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Photo of downtown Logan.
iStock.com / Daniel Gauthier

It’s become a familiar talking point in Utah: The state has one of the fastest growing, most diverse economies in the country. Its slew of hungry companies is starved for workers. Yet as urban Utah continues to grow, rural communities across the state are struggling to hold onto their jobs, falling ever behind a shifting economy. 

Phot of Lake Powell.
Bernard Spragg / Flickr

Utah officials are drastically scaling back hydroelectric power plans for the controversial Lake Powell pipeline, saying the move will save taxpayers $100 million dollars on the proposed project.

Photo of a Scantron sheet illustrating a student's answers on an Advanced Placement test.
iStock

More Utah students are gaining experience that could set them up for college. 

Five percent or 1,400 more Utah students took Advanced Placement (AP) tests this year, according to data by the College Board, the nonprofit that distributes the tests. 

Utah Delegation Reacts to Impeachment Inquiry

Sep 25, 2019
Photo of Washington Monument and Capitol.
iStock.com / Matt Anderson

Updated 5:40 p.m. MDT 9/25/19: U.S. House Speaker Nancy Pelosi opened an impeachment inquiry Tuesday into President Donald Trump. So far, only half of Utah’s delegation have made statements regarding the development.

Photo illustration of cannabis in a bag in front of prescription pill bottles.
iStock

Future medical cannabis users and sellers now have a better idea about how much they might pay to join Utah’s medical marijuana program. After more changes to the cannabis program were announced during last week’s special session, the Department of Health unveiled the range of fees it aims to charge for registration, background checks, and yearly licensing. 

Photo of road to Red Knoll.
David Fuchs / KUER

Updated 11:05 a.m. MDT 9/27/19  

KANAB — In the months before being elected to the Kane County Commission last year, Andy Gant paid a visit to a local advisory committee he would soon start working with. His goal: to introduce himself as the newest official in town. 

Renee Bright / KUER

Mormon culture influences nearly every aspect of life in Utah. But these days, many long-held values are being challenged, even by the faithful. KUER’s series “Latter-day” examines how Mormon culture is — and isn’t — changing in response.

Photo of a sign welcoming people to the city of Moab.
Creative Commons

Most of Moab’s sewer and water lines were built more than 60 years ago, at the height of the uranium boom. Now, the town of around 5,000 residents is seeing a boom in tourism. On weekends, its population can reach up to 40,000, according to City Manager Joel Linares. This puts pressure on its infrastructure, and makes it more expensive to replace. 

Photo of a Smith's Food and Drug store.
Wikimedia Commons

America’s biggest supermarket chain is removing free publication racks from its stores beginning this month, prompting criticism from alternative weekly newspaper publishers.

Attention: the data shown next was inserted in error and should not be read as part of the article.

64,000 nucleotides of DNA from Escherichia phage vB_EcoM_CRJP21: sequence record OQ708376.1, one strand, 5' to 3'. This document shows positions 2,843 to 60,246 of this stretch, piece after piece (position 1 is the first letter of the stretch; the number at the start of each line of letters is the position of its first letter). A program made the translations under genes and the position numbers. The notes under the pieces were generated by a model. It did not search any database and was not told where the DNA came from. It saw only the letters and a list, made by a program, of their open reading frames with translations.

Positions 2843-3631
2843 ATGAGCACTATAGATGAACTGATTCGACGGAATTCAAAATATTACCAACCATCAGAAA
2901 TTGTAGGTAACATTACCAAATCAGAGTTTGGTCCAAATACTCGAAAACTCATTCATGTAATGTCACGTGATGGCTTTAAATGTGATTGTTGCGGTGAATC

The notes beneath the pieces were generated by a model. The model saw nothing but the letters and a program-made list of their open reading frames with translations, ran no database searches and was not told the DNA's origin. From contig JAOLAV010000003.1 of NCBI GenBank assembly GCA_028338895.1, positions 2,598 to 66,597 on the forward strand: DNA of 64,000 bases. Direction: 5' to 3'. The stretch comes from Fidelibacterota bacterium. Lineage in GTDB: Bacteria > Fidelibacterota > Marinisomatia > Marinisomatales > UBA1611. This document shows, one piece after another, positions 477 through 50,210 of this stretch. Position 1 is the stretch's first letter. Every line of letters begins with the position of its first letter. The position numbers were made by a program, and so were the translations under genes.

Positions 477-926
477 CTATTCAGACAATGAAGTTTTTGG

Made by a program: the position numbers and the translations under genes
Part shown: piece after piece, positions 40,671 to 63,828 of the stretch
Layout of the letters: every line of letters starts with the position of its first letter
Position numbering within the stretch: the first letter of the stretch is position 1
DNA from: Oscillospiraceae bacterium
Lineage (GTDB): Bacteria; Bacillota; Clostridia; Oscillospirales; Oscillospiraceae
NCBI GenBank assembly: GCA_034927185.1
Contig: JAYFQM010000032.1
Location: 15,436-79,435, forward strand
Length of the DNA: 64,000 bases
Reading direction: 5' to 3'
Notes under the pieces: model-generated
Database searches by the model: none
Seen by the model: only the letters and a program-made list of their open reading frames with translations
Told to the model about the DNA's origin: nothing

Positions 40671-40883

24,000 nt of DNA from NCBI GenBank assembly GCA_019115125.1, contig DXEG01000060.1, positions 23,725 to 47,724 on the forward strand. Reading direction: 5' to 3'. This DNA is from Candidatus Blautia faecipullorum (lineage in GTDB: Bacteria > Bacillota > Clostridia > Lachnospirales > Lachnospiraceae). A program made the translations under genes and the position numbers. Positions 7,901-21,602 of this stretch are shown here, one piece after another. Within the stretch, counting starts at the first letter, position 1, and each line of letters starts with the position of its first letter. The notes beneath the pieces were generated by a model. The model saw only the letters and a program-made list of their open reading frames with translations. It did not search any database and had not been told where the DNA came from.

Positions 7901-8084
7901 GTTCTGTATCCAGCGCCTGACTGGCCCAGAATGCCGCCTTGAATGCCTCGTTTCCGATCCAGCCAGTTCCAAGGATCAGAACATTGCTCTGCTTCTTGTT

“These are some of our largest distribution sites,” said John Weiss, founder of the Colorado Springs Independent. “As fewer people are reading the dailies, more people are getting their newspaper fix from a free weekly. It’s hard to beat our price.”

Photo of oil pump.
iStock.com / DennyThurstonPhotography

Environmental groups are sounding the alarm about a process they say cheats taxpayers and favors the oil and gas industry. The Wilderness Society and Center for Western Priorities say Congress needs to pass legislation to reform the Bureau of Land Management’s oil and gas leasing program.

Photo of tire tracks in red sand.
David Fuchs / KUER

KANAB — A proposed mine for sand used in oil and gas extraction has stirred tensions and spurred questions in this small town just north of the Arizona border since the City Council voted in July to provide water to the project. 

Photo of Katie Tagle holding a photo of her son Wyatt.
Photo courtesy of Isaac Brekken / For The Deseret News

Over the last decade, more than 700 children have been killed by a parent or guardian in the midst of a family court case like divorce or custody hearings. 

Photo of Albert Betoudji tying together mustard greens.
Rocio Hernandez / KUER

Farmers’ markets provide customers an abundance of fresh produce, but two Salt Lake County markets that primarily serve refugees also create cultural connections through food. 

iStock

For a growing number of companies, there’s green on the horizon in Utah — and not just because of its business-friendly climate. Increasingly, they’re drawn to the state’s sunny skies, which are becoming more and more a viable source of renewable energy. 

Stock photo illustrating a facial recognition scan.
iStock.com

Lawmakers plan to run legislation to address the state Department of Public Safety’s (DPS) use of facial recognition software to scan Utahns’ driver's license photos.

Photo of Pinyon-juniper woodlands.
Bureau of Land Management

Environmental groups have halted a controversial plan to cut down 30,000 acres of forest within southern Utah’s Grand Staircase-Escalante National Monument. The Interior Board of Appeals ruled Monday that the Bureau of Land Management’s plan failed to consider its effects on migratory birds.